The TA sustainability assessment system mainly involves the life cycle environmental impact assessment method, which is an international standardized environmental management and decision support tool that can quantitatively evaluate and manage the environmental impact of TA products throughout their life cycle process, and is widely recognized and applied in the TAI. At present, scholars have mainly carried out the quantification and evaluation of environmental impacts in the fields of various fibers and yarns, textiles and garments, and recycling of textiles and garments.
Sustainable management systems for TA are mainly concerned with various aspects of interaction and management between different stakeholders in the life cycle of TA products. While improving corporate profitability, it can also effectively reduce the negative environmental and social impacts of business activities. For example, by building a sustainable business model, enterprises can achieve the integration of economic and sustainable development; companies also integrate sustainability with supply chain management to build a sustainable supply chain, strengthen internal corporate governance and effective cooperation with stakeholders; in addition, they focus on corporate social responsibility by managing social impact aspects such as human rights and work environment.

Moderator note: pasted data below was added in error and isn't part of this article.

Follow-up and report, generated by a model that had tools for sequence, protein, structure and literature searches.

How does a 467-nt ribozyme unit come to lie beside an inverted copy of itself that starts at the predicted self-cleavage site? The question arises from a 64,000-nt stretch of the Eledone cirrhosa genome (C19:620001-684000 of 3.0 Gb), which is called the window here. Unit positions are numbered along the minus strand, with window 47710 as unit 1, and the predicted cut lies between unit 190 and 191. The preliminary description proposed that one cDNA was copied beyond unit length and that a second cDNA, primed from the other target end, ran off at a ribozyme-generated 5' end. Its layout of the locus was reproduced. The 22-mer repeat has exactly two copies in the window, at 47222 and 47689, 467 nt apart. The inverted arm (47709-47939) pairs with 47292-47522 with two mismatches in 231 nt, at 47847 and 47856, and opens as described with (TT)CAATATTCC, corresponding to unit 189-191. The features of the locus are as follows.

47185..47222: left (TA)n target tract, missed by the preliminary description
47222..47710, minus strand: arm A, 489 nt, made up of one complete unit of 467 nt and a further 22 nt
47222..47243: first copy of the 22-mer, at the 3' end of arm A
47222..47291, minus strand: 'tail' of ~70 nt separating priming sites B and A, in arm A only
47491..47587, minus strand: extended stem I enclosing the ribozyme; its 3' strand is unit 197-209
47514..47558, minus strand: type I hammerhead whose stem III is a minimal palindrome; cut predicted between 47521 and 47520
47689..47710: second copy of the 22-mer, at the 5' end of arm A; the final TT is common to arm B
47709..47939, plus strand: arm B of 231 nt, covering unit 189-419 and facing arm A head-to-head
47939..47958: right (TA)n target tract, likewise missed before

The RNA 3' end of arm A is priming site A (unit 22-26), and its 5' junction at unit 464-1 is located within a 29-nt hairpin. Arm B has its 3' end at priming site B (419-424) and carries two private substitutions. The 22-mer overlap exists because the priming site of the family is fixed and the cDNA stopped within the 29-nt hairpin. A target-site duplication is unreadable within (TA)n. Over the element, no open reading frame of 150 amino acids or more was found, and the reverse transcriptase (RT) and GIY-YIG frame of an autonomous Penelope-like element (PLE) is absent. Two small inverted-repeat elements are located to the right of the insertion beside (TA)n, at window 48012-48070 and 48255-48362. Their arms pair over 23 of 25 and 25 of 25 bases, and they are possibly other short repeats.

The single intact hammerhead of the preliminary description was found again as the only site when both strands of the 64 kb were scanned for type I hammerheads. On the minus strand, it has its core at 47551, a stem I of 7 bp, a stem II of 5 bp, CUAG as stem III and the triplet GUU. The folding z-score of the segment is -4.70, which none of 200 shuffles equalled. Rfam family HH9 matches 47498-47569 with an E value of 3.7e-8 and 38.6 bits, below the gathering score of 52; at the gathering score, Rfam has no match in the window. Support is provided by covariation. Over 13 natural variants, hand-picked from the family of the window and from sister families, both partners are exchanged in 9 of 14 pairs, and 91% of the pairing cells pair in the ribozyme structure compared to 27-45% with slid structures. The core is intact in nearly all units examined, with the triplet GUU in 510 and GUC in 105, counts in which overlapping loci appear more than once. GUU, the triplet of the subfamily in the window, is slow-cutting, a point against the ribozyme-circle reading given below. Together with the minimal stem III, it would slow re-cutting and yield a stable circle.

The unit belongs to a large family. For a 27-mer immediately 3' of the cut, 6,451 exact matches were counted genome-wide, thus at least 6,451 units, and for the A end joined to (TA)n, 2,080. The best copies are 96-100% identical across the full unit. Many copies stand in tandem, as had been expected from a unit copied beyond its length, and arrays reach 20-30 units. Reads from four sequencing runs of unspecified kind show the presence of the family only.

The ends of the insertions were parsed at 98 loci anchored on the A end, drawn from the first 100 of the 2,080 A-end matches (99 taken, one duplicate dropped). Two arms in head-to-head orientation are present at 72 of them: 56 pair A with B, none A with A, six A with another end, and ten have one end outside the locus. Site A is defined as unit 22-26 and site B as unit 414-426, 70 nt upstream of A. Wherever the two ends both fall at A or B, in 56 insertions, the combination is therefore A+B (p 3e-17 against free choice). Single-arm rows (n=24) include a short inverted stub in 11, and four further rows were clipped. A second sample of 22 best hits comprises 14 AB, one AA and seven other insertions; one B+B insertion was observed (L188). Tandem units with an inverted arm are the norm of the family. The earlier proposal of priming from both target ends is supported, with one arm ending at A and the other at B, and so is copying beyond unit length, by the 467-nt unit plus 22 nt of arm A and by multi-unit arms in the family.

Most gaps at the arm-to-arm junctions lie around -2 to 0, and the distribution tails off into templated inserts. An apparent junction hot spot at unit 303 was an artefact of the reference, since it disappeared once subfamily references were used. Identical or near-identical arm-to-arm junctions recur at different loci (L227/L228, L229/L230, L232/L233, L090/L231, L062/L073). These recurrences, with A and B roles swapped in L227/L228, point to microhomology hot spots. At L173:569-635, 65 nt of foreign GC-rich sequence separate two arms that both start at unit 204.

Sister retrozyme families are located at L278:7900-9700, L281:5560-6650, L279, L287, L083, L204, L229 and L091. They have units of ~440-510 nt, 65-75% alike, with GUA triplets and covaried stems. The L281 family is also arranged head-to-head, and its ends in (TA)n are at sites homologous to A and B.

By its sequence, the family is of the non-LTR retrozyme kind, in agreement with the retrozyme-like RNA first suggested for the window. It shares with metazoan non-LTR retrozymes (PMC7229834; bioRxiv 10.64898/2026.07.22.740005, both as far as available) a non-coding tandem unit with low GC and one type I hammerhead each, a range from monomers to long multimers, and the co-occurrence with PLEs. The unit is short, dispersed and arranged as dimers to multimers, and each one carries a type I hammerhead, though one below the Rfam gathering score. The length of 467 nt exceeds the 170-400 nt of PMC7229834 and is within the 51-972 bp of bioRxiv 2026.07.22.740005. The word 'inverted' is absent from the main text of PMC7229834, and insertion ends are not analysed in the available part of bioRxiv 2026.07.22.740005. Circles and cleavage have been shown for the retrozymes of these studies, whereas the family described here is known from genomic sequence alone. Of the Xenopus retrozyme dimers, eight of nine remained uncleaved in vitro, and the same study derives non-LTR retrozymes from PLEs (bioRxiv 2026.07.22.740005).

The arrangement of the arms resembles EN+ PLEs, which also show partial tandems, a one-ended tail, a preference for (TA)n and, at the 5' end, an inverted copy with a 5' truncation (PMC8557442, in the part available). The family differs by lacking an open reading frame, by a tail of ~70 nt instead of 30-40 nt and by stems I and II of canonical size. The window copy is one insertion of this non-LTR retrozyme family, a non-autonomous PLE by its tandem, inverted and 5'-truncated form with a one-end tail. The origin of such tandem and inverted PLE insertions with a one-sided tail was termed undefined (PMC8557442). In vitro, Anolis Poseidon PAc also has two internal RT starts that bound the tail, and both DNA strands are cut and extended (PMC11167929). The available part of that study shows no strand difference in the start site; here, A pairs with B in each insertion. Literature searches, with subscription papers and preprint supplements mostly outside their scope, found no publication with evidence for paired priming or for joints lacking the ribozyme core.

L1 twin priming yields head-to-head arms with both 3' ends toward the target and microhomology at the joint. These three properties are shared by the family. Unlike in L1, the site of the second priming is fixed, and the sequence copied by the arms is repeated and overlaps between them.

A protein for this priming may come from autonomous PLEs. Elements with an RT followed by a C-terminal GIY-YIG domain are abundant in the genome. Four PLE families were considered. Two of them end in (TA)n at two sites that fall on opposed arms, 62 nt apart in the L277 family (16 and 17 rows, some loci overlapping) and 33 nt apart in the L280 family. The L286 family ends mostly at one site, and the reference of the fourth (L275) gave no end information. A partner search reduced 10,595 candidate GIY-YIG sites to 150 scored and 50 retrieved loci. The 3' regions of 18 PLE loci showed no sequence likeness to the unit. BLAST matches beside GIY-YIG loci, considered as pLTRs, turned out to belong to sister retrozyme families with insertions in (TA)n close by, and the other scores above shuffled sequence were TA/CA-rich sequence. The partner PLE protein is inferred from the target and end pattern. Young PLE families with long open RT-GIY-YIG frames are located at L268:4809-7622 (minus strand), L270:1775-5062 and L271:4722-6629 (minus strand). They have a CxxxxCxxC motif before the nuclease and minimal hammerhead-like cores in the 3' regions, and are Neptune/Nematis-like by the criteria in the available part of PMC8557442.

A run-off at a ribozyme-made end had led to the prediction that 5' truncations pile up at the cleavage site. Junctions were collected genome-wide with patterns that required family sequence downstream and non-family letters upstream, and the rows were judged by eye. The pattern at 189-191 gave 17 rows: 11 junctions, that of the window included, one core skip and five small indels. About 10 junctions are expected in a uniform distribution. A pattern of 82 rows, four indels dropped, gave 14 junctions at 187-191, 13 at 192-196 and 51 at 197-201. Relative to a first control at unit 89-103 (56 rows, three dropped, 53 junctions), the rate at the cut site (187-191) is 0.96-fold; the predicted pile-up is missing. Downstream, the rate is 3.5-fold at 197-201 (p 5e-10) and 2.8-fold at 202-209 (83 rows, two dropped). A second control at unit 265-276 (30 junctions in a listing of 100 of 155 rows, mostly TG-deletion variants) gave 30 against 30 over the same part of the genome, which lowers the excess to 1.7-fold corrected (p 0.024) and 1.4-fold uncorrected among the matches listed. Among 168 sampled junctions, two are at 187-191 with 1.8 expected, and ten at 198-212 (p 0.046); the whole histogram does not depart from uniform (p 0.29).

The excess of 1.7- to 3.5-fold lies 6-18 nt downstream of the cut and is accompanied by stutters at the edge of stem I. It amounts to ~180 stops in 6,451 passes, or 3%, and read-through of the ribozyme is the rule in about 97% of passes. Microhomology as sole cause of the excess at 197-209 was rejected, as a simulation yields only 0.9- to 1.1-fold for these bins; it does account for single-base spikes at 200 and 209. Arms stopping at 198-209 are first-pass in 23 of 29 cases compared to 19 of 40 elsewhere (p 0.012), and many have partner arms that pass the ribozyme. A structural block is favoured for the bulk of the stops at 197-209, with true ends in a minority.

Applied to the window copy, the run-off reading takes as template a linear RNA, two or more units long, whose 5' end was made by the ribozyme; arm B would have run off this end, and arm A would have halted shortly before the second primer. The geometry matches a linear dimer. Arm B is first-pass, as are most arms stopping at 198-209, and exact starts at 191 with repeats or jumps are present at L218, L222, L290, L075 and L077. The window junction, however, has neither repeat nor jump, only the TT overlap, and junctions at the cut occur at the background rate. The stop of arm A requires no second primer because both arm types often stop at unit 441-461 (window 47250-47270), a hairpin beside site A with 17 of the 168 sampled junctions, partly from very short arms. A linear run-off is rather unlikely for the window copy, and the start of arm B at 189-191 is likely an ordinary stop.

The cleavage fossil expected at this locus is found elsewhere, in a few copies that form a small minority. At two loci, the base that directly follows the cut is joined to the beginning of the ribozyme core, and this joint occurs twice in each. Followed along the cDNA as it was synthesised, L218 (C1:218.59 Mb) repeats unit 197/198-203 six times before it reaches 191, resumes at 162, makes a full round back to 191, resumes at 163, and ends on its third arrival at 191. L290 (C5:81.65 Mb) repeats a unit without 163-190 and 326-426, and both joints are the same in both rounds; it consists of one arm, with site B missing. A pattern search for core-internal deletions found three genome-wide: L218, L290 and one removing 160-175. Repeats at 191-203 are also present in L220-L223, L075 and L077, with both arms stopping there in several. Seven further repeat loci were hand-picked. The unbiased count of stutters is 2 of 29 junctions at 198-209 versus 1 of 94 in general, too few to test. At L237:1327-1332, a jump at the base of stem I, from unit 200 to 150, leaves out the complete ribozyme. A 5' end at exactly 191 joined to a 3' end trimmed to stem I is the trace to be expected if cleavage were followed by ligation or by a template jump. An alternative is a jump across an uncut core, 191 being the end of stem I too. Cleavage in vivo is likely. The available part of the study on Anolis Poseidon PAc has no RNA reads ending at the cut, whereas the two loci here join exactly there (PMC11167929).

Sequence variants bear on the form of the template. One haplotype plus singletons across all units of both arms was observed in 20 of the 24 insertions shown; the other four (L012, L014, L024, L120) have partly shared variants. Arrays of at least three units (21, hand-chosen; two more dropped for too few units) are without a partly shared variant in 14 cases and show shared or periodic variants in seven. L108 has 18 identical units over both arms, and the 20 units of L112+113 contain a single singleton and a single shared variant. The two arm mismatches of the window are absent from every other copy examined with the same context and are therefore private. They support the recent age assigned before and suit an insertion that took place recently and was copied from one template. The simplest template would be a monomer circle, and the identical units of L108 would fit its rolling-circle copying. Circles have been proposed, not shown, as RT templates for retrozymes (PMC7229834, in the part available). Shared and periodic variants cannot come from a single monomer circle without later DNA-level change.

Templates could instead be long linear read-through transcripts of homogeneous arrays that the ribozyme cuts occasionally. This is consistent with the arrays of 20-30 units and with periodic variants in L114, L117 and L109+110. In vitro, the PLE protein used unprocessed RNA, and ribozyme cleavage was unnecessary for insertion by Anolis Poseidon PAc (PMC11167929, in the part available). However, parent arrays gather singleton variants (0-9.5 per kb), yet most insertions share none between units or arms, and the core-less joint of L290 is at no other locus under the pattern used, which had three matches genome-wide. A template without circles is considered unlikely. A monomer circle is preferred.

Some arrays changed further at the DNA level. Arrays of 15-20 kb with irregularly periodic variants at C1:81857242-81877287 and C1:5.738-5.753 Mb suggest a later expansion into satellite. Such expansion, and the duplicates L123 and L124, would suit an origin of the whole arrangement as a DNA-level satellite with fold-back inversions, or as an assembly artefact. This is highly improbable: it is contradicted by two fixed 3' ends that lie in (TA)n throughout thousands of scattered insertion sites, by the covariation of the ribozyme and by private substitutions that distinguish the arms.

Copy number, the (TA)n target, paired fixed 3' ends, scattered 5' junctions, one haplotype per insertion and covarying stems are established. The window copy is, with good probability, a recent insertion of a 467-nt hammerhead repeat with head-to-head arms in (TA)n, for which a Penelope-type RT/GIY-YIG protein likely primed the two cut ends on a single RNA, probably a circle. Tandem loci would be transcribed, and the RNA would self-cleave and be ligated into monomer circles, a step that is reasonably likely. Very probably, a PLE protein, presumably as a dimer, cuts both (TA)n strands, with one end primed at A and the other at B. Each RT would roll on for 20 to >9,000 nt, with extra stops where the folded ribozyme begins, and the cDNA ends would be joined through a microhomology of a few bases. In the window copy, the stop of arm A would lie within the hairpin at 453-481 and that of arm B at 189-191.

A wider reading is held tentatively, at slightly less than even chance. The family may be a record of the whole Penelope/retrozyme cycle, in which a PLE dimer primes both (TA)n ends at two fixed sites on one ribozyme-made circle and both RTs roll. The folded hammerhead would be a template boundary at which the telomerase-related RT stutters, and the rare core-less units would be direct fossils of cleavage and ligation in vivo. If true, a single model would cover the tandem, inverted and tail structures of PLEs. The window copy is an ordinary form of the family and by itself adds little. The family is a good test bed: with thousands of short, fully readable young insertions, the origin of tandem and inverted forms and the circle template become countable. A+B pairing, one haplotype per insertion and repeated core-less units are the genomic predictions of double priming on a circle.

Sustainable marketing systems for TA are mainly concerned with influencing consumer behavior during the purchase, use, and disposal of goods and raising consumer awareness of sustainability. Presently, a number of scholars focus on the barriers and stimuli to sustainable consumption, consumers' perceived value, attitudes, intentions and behaviors toward sustainable products. In addition, some scholars focus on an approach to designing, purchasing, and manufacturing apparel-ethical fashion, exploring attitudes, interests, environmental sustainability, and fair trade compliance in sourcing and production methods for ethical fashion products.
Based on the analysis of the knowledge base, knowledge domain, and knowledge structure, the research status quo for the SDTAI can be understood via the knowledge roadmap presented in Fig. 4. As research on the SDTAI is an expanding and multidisciplinary domain, the knowledge roadmap could change in the future. Nevertheless, this study presents a mapping methodology and knowledge roadmap that can serve as a guide for future changes.